Full-blooded encounter: England and Australia have been in a fair few feisty contests in their time

Full-blooded encounter: England and Australia have been in a few feisty contests in their time – and will again in 2015

By Charlie Morgan

The confirmation of kick-off times last Wednesday reaffirmed it before Saturday’s Millennium Stadium ding-dong drove the point home. Pool A at Rugby World Cup 2015 is going to be phenomenally tight and utterly compelling – not to mention deadly.

First things first, there are still two more spaces to fill, officially termed ‘Oceania 1’ and ‘Play-off winner.’ Fiji are likely to fill the former, and should bring a cocktail of shuddering hits, erratic attacking brilliance and ill-discipline if their performances over the past month are anything to go by.

Big fish wriggling free: Warburton for Wales

Big fish wriggling free: Warburton for Wales v England

There is still a long way to go for the final spot to be decided via a complicated repechage, but the likes of Russia, Spain and Sri Lanka remain in contention. Whoever makes it has a seriously tough task. A trio of big fish will thrash furiously to escape this claustrophobic pool into the last eight.

The high-stakes round robin between Australia, England and Wales heads to Twickenham on three consecutive weekends from Friday September 26, 2015. Crucially, Warren Gatland and co. are only in Cardiff for the two more straightforward assignments. Each fixture takes place under floodlights, so while later starts are sure to cause carnage on post-match public transport, the encounters will get the electric atmosphere they merit.

Boxing sages often say contrasting styles make fights. This is no different. You only have to glance at the meetings between these sides in 2013 to establish that. Back in March, Stuart Lancaster’s charges capitulated under a tsunami of passion, power and Justin Tipuric’s energy. Six months later, England ground Australia down in a stuttering performance salvaged by Mike Brown’s spark and the pack’s strong scrummaging. Then Wales got beaten by the Wallabies’ best on Saturday.

Sam Warburton and Dan Lydiate were out-worked at the breakdown by Michael Hooper and Scott Fardy, Will Genia fizzed and Quade Cooper wreaked havoc by releasing his wrecking-ball, Israel Folau. Worryingly for Gatland, the game could still have been won but for crippling lineout inaccuracies and concentration lapses. An 18-game losing streak against southern hemisphere opposition clearly creates psychological snags.

Not far from the breakdown: Scott Fardy

Not far from the breakdown: Scott Fardy

Were these results to repeat themselves in two years’ time, it would be England heading for the exit (under the  assumption that Wales’ 2007 loss to Fiji does not repeat itself). As hosts of the tournament, that is simply unthinkable.

Much has been made about the dearth of creativity behind Graham Rowntree’s world-beating pack, and rightly so. Long-term injuries to Marland Yarde, Christian Wade and Manu Tuilagi now mean England’s three game-turning talents won’t play together until at least the June tour of New Zealand. Stunted by indecision and inadequate skills, the midfield presents more problems. But the same could be said of Wales there.

Lions Jamie Roberts and Jonathan Davies have been conspicuous by their absence this month. Davies broke the South African line twice with two carries during a 12-minute cameo before he damaged a pectoral muscle and although Scott and Owen Williams have had their moments, they cannot offer the same incision. Likewise, fly-half is an issue. Rhys Priestland is calling odd shots – evidenced by his last-gasp grubber on Saturday – and Gatland doesn’t appear to trust James Hook. Like Owen Farrell, Dan Biggar churns out the basics in an unfussy manner without ever threatening to rule the match.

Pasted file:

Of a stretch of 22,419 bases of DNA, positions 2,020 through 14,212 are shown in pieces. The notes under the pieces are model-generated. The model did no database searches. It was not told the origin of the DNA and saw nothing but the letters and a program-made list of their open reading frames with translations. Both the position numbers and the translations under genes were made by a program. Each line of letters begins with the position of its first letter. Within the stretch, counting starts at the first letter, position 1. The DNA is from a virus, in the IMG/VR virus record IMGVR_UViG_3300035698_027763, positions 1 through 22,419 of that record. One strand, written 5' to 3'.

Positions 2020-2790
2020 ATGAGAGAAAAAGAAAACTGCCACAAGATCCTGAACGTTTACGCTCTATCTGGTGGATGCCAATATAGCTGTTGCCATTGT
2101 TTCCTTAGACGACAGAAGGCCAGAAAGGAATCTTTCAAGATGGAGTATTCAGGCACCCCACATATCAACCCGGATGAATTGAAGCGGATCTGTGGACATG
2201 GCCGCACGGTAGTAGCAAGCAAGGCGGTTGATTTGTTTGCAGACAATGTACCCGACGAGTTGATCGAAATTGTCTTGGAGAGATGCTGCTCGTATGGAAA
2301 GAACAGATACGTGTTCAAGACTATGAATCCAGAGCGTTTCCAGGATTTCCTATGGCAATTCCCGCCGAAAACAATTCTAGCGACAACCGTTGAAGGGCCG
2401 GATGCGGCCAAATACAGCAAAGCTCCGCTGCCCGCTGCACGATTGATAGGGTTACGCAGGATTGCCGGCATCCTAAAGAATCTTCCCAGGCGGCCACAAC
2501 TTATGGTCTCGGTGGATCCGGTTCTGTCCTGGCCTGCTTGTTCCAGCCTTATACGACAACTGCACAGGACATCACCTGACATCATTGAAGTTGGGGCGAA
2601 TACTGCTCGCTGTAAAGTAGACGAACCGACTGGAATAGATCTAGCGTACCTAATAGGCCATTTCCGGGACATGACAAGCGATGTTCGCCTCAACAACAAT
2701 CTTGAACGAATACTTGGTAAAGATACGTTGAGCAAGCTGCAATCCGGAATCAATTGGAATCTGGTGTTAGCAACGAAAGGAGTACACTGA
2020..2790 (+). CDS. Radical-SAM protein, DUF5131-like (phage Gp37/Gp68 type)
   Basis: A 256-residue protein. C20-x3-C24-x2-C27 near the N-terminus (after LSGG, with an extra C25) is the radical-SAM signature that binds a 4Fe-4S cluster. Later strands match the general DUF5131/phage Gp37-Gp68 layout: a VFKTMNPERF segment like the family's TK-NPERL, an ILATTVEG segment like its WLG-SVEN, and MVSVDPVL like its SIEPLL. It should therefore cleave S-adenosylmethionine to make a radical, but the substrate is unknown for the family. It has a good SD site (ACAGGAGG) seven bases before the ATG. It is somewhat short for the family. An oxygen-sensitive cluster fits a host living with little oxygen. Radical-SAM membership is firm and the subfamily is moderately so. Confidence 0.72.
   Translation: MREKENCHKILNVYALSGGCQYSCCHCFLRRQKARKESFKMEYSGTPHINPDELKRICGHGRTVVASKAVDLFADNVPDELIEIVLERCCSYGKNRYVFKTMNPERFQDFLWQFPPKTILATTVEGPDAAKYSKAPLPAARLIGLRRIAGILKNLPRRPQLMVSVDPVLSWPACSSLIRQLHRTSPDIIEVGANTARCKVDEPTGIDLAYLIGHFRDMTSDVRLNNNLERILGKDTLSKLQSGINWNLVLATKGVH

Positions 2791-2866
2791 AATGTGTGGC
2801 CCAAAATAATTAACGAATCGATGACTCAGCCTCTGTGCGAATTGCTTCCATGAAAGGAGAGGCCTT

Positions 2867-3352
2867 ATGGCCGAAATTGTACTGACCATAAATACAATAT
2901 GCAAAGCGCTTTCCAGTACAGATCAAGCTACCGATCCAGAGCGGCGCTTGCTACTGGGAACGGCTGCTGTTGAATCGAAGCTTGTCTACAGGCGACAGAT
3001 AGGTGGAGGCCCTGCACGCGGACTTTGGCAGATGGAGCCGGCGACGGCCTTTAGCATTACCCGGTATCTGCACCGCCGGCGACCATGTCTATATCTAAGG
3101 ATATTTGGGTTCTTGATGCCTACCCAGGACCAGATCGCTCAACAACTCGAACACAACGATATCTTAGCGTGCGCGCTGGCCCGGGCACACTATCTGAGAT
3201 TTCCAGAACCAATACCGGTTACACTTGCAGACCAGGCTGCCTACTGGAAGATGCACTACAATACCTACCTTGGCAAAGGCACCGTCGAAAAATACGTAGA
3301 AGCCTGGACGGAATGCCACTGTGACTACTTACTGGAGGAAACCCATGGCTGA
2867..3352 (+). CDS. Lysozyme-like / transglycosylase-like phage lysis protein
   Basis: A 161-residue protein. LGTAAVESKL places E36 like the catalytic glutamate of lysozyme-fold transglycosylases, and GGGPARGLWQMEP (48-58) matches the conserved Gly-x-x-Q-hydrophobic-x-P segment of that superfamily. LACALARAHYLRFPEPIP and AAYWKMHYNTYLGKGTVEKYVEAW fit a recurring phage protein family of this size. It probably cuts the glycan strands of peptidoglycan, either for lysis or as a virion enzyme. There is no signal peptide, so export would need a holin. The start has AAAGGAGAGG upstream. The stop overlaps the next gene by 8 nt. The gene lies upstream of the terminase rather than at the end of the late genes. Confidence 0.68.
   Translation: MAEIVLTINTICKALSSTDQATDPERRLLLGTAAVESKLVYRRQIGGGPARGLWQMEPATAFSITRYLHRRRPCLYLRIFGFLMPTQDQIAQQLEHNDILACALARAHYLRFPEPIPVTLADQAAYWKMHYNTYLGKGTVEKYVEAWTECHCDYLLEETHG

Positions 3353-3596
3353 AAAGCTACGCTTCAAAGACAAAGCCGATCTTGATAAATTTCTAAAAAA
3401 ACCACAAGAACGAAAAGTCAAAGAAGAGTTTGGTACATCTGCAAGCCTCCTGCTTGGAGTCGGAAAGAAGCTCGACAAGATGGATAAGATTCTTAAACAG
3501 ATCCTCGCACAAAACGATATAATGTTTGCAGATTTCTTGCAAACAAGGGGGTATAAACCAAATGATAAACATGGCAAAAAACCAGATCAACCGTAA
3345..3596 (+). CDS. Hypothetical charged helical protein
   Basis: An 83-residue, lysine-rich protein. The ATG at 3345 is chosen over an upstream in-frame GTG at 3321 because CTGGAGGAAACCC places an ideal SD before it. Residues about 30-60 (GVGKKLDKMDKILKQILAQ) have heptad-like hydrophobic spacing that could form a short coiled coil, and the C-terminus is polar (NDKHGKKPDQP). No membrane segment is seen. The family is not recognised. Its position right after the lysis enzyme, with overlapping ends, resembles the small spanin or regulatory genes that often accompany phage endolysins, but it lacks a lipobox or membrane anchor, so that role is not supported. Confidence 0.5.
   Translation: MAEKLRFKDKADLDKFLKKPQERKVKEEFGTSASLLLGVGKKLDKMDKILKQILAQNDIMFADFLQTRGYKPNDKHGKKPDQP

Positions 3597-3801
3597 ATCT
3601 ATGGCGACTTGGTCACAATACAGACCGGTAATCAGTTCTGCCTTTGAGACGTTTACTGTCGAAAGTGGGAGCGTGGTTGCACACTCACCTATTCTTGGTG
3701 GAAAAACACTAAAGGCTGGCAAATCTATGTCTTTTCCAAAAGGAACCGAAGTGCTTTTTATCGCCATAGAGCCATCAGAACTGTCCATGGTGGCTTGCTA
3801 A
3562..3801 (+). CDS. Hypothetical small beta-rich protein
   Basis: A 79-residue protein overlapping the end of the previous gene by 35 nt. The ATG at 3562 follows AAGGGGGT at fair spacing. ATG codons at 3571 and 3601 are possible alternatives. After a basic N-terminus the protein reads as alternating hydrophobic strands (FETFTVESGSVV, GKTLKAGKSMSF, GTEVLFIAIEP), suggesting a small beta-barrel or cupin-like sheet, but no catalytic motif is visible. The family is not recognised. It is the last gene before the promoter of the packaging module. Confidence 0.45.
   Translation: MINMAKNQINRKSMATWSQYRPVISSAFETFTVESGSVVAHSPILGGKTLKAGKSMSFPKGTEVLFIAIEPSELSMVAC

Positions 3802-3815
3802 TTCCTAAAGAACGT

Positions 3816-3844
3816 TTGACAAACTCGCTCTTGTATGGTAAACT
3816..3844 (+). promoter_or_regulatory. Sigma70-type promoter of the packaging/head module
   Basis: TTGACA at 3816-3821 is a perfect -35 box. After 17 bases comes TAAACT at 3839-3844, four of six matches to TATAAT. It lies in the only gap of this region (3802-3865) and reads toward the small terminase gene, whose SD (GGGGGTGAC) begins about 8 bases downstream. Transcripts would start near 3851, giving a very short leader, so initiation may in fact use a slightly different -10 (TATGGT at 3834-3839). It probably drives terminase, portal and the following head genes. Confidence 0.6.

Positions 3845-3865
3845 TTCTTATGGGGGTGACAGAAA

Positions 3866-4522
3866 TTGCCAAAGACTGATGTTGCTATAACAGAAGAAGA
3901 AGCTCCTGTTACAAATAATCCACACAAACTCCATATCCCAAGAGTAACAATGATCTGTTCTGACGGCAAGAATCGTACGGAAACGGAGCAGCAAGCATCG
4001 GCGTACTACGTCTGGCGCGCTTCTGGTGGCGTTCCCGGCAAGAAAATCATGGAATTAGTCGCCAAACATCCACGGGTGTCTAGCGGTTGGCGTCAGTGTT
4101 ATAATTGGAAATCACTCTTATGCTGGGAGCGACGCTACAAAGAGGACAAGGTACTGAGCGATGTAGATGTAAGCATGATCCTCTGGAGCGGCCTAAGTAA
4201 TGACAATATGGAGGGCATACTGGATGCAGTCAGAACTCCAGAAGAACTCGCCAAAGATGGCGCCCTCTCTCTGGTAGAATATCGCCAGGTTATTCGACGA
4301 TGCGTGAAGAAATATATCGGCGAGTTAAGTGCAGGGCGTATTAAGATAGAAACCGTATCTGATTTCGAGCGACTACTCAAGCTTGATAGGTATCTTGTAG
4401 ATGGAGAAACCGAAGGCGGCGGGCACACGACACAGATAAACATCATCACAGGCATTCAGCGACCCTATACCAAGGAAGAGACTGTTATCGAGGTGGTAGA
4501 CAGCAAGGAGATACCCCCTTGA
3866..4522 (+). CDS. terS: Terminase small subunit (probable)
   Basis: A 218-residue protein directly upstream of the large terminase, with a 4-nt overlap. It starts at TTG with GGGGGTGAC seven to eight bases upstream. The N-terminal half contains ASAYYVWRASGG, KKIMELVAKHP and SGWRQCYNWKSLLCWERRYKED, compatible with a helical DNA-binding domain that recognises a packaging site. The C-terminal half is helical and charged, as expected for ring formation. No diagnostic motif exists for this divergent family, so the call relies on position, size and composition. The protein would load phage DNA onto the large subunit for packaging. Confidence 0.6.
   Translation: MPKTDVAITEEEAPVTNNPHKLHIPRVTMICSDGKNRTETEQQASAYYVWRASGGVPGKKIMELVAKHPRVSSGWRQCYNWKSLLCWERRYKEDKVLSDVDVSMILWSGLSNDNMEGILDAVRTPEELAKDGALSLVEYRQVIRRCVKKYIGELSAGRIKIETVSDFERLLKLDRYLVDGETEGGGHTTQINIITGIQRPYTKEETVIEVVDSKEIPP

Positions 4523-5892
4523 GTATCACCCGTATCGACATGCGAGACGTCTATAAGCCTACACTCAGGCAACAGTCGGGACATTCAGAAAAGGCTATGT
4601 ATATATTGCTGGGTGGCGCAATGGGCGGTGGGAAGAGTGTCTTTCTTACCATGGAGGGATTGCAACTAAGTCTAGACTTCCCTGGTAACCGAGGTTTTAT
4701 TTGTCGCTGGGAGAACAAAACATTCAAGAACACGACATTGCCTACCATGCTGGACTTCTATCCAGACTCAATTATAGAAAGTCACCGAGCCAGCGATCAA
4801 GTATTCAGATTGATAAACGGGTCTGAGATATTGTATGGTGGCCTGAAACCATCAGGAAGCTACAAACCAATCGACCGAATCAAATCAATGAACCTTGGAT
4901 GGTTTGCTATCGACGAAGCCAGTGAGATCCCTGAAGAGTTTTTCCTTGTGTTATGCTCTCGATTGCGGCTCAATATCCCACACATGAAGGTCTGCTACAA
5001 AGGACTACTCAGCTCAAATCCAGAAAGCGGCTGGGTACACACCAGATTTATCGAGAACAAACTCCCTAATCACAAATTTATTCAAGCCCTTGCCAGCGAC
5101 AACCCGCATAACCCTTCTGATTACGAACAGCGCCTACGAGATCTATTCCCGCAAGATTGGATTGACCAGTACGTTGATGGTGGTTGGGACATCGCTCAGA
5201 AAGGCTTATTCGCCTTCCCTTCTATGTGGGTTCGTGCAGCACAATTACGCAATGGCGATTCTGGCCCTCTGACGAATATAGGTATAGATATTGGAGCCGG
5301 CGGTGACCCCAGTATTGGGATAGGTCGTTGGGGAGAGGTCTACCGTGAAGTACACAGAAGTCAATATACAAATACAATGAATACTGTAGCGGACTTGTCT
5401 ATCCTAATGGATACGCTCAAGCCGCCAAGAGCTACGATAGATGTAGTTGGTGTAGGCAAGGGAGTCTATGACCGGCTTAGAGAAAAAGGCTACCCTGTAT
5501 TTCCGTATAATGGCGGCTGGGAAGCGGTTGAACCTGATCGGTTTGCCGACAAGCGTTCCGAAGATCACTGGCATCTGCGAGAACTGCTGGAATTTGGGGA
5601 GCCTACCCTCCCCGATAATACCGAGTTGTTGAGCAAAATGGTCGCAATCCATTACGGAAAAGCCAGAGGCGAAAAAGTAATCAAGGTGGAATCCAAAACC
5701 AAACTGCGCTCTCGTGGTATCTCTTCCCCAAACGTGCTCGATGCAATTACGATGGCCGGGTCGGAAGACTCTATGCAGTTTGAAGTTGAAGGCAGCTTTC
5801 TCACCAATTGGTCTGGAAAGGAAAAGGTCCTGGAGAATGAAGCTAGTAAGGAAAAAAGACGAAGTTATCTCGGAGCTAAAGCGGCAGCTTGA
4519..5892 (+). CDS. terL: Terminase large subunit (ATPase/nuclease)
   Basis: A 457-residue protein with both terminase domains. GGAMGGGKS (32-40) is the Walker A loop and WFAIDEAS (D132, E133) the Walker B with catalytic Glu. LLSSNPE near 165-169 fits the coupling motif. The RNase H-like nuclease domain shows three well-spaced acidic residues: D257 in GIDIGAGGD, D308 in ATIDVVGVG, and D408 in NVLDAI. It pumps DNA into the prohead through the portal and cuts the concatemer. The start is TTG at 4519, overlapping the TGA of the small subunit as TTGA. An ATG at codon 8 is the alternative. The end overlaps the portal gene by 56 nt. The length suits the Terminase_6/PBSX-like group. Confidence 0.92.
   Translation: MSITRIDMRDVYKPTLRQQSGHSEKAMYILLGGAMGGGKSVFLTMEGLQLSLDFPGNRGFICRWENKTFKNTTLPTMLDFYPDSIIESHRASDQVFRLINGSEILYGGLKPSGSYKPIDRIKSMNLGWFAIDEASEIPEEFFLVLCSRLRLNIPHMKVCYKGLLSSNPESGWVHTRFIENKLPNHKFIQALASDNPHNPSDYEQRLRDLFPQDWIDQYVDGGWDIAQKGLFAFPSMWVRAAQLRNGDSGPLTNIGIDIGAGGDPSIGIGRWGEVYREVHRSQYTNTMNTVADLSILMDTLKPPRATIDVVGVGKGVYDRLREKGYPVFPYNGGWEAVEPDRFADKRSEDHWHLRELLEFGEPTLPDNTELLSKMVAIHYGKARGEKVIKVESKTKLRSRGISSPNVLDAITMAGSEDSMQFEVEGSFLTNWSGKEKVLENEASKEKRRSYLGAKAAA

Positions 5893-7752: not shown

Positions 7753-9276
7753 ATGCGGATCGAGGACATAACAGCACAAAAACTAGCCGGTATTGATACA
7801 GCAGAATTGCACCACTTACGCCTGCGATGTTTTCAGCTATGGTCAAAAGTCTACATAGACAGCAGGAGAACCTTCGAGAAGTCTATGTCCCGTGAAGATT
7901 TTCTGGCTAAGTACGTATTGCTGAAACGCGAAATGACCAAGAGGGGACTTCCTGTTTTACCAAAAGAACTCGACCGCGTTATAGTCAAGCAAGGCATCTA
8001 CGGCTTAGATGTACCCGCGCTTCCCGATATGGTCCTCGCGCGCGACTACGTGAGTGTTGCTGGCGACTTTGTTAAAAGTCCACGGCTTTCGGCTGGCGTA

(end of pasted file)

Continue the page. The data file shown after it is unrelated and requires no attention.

Compare that with Australia’s three-quarters. Handed extra responsibility by former Reds mentor Ewen McKenzie, Cooper is being managed expertly and consequently hitting the very heights of his considerable powers. Outside him, Christian Leali’ifano and exceptional 91-capper Adam Ashley-Cooper have all bases covered. With Fardy and Hooper hugely effective at manufacturing quick ball – don’t forget David Pocock is still to return as well – they thrive in fast-paced clashes. But despite undeniable momentum on the back of a year that did seem doomed, weaknesses remain.

Game-changer chopped: Christian Wade

Game-changer chopped: Christian Wade

Richard Hibbard spent last week insisting that the Australian scrum is not an Achilles heel any more. Frankly, I don’t buy that. Mako Vunipola and Dan Cole made it look very flimsy, while Wales were extraordinarily denied a chance to attack the set-piece before 46 minutes had elapsed. Had he been fit, Adam Jones would have certainly fancied his chances of forcing a couple of early penalties out of James Slipper.

Busting over the gain-line on numerous occasions, Billy Vunipola also exposed a lack of brawn that may hinder the Wallabies. Former captain James Horwill cannot find form and though Ben Mowen is a canny tactician, he is not an intimidating specimen. Interestingly, in each of their tour matches except the 50-20 thrashing of Italy, Australia missed more tackles than their opponents. Now, if only the northern hemisphere boys were more clinical…oh, we’re back to the start.

These three teams have patent flaws, which will make Pool A an even more fascinating place. With some 21 months to run until Rugby World Cup 2015’s opening ceremony, there is plenty of scope to iron them out through wise selection and coaching, but predictions this far out are impossible. One absolute certainty is that the quarter-final qualifiers will deserve their prize. For the runner-up, that is probably a tie against South Africa, too. It doesn’t get easier.